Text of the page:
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Date: Wed, 15 Oct 2014 02:10:41 +0800
From: Pavel Labushev <>
Subject: Re: Thoughts on Shellshock and beyond

On Sun, 12 Oct 2014 13:24:10 +0200
Florian Weimer <> wrote:

> Haskell programmers typically do not have a background in formal
> semantics and proof automation.  Like with any language with a
> significant following, a fairly large portion of the practitioners
> follows a "whatever works" approach.

By "Haskell" I mean any technology, its scientific basis and the
other aspects altogether, that I think have the potential of
significantly shifting the paradigm. Haskell the language (not the
bright image if it ;) isn't even dependently typed out of the box and
doesn't provide any automated proof tools.  Anyway, I think that
concentrating on the particulars won't really help the discussion.

I know that many would disagree and say that the devil is in the
details. However, I would like to emphasize that there are the
other details that are obviously being underestimated and fall out of
sight - and that's the status quo I would disagree with.

Yes, there probably will always be some people, and maybe even the
majority of them, who follow some sort of "whatever works" approach. Yet
the actual degree of carelessness may vary substantially. Isn't it
kinda how the theory of broken windows works for them? Together with
the fact that in the current situation security remains a mostly (or
even the most) unmeasurable thing, no matter who wants to measure:
employee or employer, or anyone else.

But there are also people who actually use "Haskell" to solve nontrivial
problems which they wouldn't be able to even approach using the
mainstream technologies or anything as inconsistent and as impeding.
Why aren't we talking about the results of their work? Does anyone even

As Wittgenstein said: "the limits of my language mean the limits of
my world". I'm convinced that it's a methodological mistake to think
that if "Haskell" would become mainstream, the people (or their
children, and we shouldn't forget about that!) would remain mostly the
same, regardless; that they wouldn't start thinking differently, create
new tools or enhance the existing ones, and that they wouldn't start
approaching the problems that they were effectively unable or unwilling
to solve or even recognize before.

I'm convinced that for the people who care, "Haskell" could make a
qualitative difference in how they spend their resources and what
results they achieve, especially when working together (explicitly and
knowingly or not). It's a road away from the world of manual labor in
the flat swamp of uncertainty, where security-conscious programmers
spend substantial amounts of their resources on tedious repetitive
tasks, that many other people ignore, such as reinventing string APIs
in C and then informally enforcing their use, to the more abstract
world of mostly-scientific approach, where expressing higher level
concepts and automated reasoning about complex properties is not only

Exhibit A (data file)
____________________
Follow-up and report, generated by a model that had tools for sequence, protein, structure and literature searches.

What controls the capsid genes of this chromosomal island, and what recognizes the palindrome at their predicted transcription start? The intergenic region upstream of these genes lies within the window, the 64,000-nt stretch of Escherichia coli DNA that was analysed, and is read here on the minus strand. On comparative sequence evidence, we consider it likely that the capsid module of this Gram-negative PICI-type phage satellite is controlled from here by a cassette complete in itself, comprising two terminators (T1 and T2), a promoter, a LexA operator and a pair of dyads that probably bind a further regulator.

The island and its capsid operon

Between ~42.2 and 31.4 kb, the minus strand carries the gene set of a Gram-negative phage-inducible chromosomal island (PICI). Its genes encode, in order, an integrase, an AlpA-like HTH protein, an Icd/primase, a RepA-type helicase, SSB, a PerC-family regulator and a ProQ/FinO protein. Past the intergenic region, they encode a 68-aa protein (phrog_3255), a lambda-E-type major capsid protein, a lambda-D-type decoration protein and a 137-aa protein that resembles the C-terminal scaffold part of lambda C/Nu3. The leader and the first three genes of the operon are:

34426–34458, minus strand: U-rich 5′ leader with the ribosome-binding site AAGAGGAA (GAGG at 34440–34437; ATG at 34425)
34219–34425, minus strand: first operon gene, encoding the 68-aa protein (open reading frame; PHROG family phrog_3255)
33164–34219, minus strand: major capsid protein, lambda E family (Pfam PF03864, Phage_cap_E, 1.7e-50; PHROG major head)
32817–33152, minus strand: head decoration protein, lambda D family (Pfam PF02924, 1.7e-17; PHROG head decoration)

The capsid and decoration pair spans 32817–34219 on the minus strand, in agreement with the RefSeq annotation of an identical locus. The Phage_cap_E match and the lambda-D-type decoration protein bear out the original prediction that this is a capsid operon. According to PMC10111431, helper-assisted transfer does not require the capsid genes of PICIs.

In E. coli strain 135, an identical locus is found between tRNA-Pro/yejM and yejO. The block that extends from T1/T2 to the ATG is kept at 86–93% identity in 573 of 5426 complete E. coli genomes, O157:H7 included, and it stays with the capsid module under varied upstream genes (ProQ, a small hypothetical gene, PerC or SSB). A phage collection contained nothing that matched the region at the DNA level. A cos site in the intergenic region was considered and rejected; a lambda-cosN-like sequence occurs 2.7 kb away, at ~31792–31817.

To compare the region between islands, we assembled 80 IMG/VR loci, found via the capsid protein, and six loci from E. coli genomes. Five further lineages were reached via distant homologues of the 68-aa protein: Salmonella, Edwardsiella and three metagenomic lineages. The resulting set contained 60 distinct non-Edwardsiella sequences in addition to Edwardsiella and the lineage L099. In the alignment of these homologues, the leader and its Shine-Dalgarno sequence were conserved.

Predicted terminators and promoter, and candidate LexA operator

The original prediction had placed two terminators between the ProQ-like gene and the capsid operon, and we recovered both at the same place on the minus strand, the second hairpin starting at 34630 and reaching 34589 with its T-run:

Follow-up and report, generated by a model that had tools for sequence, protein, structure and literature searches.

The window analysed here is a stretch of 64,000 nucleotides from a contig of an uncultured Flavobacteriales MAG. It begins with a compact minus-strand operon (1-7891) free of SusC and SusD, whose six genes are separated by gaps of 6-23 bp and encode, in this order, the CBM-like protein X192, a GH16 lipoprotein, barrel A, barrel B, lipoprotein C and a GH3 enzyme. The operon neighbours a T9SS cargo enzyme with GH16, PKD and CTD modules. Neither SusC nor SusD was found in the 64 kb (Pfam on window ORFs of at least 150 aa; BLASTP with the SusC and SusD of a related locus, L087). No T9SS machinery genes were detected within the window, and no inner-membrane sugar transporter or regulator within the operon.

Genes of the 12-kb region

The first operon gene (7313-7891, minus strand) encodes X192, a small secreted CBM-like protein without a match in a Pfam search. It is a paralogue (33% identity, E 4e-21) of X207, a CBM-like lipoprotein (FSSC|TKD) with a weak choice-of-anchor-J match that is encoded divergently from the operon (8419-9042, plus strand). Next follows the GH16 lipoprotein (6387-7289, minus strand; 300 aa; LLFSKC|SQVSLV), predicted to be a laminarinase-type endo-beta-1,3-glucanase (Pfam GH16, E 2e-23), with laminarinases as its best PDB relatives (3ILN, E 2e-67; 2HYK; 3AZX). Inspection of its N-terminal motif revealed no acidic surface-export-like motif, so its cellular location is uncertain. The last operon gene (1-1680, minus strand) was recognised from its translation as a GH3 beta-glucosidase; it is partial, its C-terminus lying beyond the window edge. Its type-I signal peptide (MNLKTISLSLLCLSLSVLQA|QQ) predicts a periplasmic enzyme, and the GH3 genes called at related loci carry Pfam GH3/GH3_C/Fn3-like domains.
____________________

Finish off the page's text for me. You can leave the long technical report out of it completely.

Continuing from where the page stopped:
practically possible and gets more efficient and convenient over time,
but even is encouraged for many reasons, including the ability to
create composable knowledge frameworks and parts and reuse them later
both for the greater good and commercial success.

Imagine you're writing a shell and decide to introduce the high level
distinguished concepts of code, data, data source, and derive the
concepts of trusted|untrusted data|code [source].

You do so *NOT* because:
- you know in advance that you can make the mistake the bash developers
did and want to prevent it (you don't know until someone finds it in
bash, and then it's too late)
- you think that your formally verified shell Will Be Provably Secure
after it's written, because your Specifications And Formal Proof Is
Comprehensive (just bullshit)
- you hope that it will become "really secure" eventually, in some
Distant Future, probably with the help of The Many Eyes of FLOSS who
will be Auditing your work, especially since it's Written In Haskell
(naive and proven wrong so many times)

You do so because you're a security- and reliability-conscious "Haskell"
programmer and so you realize that:
- any input data is untrusted by default
- separating code from data is generally a good thing, especially if it
costs not much
- you're a part of the system (in a good sense), an active and
conscious participant, and you know that the notion of those concepts
won't be erased from the implementation (thanks to the language and
tools), so the other people who will use your work could formally
reason about _their systems' properties_ and evaluate security of your
shell as a component _in that context_

Besides (ok, maybe not exactly in the context of writing a shell):
- you recognize this as an interesting intellectual challenge, even
with some practical benefits
- Maybe you'd like to use a couple of buzzwords for marketing, backed
up with some real stuff, especially if your competitors already can into
- you do so because everyone does (yep, in a Wonderful Distant Future)
- you don't feel like a self-proclaiming guru of the great empirical
knowledge and prefer a more scientific approach ;)
- there are some other reasons, such as participating in knowledge
accumulation and refinement, but they require much more text to explain

Now, EVEN *IF*:
- you didn't prove (and didn't want to) that your shell doesn't execute
untrusted code
- you allowed mixing untrusted and trusted data and made possible the
conversion from untrusted data to code
- you didn't restrict execution of untrusted code in any way
- you even want that twisted function export feature, even in a totally
unconstrained form